The prevailing view in Uganda, a low-income country where the provision of school meals is patchy, is that the government has only a narrow role to play in education – a view enshrined in the country’s legislation. As Joyce Moriku Kaducu, the minister of state for primary education, puts it,
“Education is a shared responsibility. The government and parents have different roles to play. The government ensures that there is a conducive environment for learning by providing infrastructure, teachers, and learning materials. Parents have the core responsibility of sending learners to school, ensuring the learner is appropriately dressed, and that the learner is well fed, even at school.”
This narrow view of the state’s role in education prevails among donors and policymakers and has been ingrained by the neoliberal notion of minimal government intervention.
The tendency to draw an artificial boundary between a child’s education and overall well-being is also evident in the “smart buys” report. Produced by a panel of high-profile international experts and sponsored by many of the largest donors in global education, the report classifies school meals as an “effective, but ... relatively expensive” way to deliver learning outcomes. In the panel’s view, “education systems face budget constraints, and they need to allocate scarce resources toward whatever interventions will deliver the most learning gains for the most children and youth on a given budget.”
In fact, providing school meals – a form of transfer to households – is less of an economic cost to society than a direct fiscal cost to government. Moreover, spending on programs with multisectoral benefits does not necessarily have to be constrained by the education budget.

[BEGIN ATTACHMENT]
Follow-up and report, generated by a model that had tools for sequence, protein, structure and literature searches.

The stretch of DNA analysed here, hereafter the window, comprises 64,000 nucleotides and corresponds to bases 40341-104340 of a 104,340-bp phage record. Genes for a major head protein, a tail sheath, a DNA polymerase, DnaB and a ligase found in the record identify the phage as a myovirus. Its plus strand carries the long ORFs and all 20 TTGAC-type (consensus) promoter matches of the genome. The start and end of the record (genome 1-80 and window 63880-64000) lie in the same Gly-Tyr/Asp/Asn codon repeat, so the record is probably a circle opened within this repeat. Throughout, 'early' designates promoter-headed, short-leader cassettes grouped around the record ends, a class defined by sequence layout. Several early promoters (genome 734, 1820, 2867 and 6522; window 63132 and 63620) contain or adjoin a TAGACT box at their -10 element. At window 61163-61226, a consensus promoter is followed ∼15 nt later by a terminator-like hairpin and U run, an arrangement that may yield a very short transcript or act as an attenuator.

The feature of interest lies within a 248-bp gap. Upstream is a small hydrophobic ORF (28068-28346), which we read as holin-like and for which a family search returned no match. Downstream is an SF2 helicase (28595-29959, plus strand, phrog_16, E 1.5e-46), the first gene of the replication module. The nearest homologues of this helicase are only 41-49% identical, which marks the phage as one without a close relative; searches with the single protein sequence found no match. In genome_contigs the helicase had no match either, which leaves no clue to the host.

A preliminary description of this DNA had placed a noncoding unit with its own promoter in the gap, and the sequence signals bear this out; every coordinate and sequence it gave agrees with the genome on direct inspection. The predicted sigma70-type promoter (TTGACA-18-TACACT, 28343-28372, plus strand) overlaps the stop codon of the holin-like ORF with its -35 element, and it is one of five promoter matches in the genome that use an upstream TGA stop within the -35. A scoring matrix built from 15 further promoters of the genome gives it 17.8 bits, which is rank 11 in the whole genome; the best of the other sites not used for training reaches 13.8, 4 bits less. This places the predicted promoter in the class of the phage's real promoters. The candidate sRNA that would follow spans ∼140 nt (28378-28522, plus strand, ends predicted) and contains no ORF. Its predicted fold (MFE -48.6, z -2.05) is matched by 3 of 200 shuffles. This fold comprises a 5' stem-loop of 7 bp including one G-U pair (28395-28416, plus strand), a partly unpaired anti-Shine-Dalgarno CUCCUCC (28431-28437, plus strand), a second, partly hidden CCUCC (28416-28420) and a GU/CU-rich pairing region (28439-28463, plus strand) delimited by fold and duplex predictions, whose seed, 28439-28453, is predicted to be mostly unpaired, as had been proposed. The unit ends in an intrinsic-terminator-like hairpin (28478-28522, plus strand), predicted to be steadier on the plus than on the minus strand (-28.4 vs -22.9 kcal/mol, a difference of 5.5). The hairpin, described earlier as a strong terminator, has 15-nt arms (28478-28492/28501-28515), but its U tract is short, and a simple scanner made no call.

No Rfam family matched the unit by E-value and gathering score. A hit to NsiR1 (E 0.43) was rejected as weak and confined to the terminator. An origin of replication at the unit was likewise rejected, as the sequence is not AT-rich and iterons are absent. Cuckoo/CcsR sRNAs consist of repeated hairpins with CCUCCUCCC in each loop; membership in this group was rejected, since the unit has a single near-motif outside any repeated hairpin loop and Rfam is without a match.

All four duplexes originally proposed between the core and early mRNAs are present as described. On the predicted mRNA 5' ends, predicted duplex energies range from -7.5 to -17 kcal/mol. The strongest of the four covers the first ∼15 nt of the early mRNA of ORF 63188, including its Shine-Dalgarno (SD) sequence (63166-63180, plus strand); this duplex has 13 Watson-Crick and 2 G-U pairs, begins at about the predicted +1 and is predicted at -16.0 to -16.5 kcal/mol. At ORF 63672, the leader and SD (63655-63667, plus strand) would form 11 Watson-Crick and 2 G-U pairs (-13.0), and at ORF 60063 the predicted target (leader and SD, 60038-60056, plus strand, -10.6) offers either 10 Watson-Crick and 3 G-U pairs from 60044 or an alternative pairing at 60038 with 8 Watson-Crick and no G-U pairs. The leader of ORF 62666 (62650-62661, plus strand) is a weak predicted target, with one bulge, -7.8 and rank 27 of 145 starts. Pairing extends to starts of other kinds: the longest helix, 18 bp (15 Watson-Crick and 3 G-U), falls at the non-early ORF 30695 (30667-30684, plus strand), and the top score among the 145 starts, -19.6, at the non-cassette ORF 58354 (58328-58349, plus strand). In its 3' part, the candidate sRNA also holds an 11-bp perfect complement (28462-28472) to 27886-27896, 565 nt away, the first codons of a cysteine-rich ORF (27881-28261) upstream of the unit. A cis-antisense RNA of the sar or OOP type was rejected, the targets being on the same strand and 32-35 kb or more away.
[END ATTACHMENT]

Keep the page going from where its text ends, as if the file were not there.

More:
By the same token, some donors are fixated on the false dichotomy between intervention in early childhood and during school attendance. The United Kingdom’s Foreign, Commonwealth, and Development Office, for example, notes that feeding children before the age of two is more effective than feeding school-age children. Apart from the moral issue at stake, it is unclear how allowing school-age children to go hungry can be cost-effective from an educational perspective. When examining the evidence, it makes little sense to separate the educational, nutritional, and safety-net benefits of school meals for children and their families.
Breaking through such conceptual silos in governments and donor bureaucracies could be the first step toward adopting a much more holistic approach to education policy and resource allocation. More fundamentally, better learning outcomes requires greater comprehension of the realities of school life for poor children. Like all children, they will learn best when they are free from hunger, illness, and violence. – Project Syndicate
  • Biniam Bedasso is a senior research associate at the Center for Global Development. Susannah Hares is Director of the global-education program at the Center for Global Development.